Social rights are part of the second-generation family of human rights. They are acquired, not inherent or preeminent. Civil and political rights constitute the first-generation group and are more in line with natural law, particularly when notions of consensual government are factored in. Non-democratic regimes have consistently pontified on social rights as their basis of legitimacy. Such claims, of course, depend on impressive socio-economic results. What happens when oppression and the scarcity of liberties cannot be excused by purported social “advancements”? The 2023 VI Report of the State of Social Rights in Cuba (Report), issued by the Observatorio Cubano de Derechos Humanos (OCDH) (“Cuban Human Rights Observatory”), lends important data to the matter of these rights. This is seminal considering that dictatorships have long used them to prompt legitimation prerogatives. The Cuban regime has methodically utilized this discourse.
The research for the study was conducted in 75 municipalities within all of Cuba’s provinces and consisted of 1,354 personal interviews. The information confirmed in the OCDH work cites a deterioration of basic conditions in all areas that impact life in Cuba. Things have gone from bad to worse. The Report points out that those who fare better enjoy greater leverage with the regime, judged by income. Remittances, a form of external subsidies from family members outside the country, are also a determinant factor. Thus, the exodus of Cuba’s youth is the island’s fastest-growing industry.
The argument that what is needed is a greater transfer of capital to stimulate the non-state sector (to call it “private” is a bit disingenuous) and foster an “entrepreneur” generation is making a lot of noise these days again. Apparently, 45 years of back-and-forth economic liberalization, Castro-Communist style, is not enough to convince the intransigents dead set on having Americans invest in Cuban state and concessionary capitalism. History has gone unnoticed by some.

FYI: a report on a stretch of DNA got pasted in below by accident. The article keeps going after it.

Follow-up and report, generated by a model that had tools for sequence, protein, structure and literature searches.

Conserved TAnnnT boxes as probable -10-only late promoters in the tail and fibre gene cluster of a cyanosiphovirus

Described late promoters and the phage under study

In 1978, Decree-Law No. 14 made space for self-employment (“cuentapropismo”) in Cuba. The Business Improvement or Perfection (“Perfeccionamiento Empresarial”) project, the scheme to covert soldiers into businessmen in state-owned enterprises (SOE), began in 1987. The fall of Soviet communism witnessed a barrage of liberalized private-state foreign investment arrangements. In the 1990s, Cuban military and non-military personnel were sent overseas to receive hotel management, accounting, and technological training. Cuba was more dollarized than most Latin American countries for certain periods.
The transfer of the dictatorial helm of power from Fidel to Raúl Castro ushered in an array of economic reforms. “Raulismo”, as some have coined it, was supposed to bring efficiency and a spreading of wealth among Cubans while retaining the socialist Leninist state. While in no way comparable to a free-enterprise, competitive capitalist system, the Raulist reforms were big by Cuban communist standards. However, given the total absence of the rule of law, the capriciousness of its ideological primacy, and the instrumentalization of Cuban SOE’s by the power elite, a powerful oligarchic class has surged. This minute portion of the population has been the only beneficiary of communist Cuba’s 45-year journey through Marxist state capitalism (not an oxymoron).
There has been an ongoing shift that has deepened since Raulismo’s socio-economic modifications became Cuban law. Cuba is transitioning into a kleptocracy. It is becoming more full-bodied with the passage of time. We are witnessing a tropical Putin-style evolution with Cuban socialist characteristics. Those that advocate investing in Cuba’s current business realm, willfully or benignly, will only benefit the corrupt oligarchic few. The Cuban problem is a political and ethical one. It is of a structural nature. Only a full throttled systemic change can bring better days for Cuba. Anything less will only add to the abject material and spiritual impoverishment of Cubans.
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🖋️Author Julio M. Shiling
🖋️Author Julio M. Shiling
Julio M. Shiling is a political scientist, writer, columnist, lecturer, media commentator, and director of Patria de Martí and The CubanAmerican Voice. He holds a master’s degree in Political Science from Florida International University (FIU) in Miami, Florida. He is a member of The American Political Science Association and The PEN Club (Cuban Writers in Exile Chapter).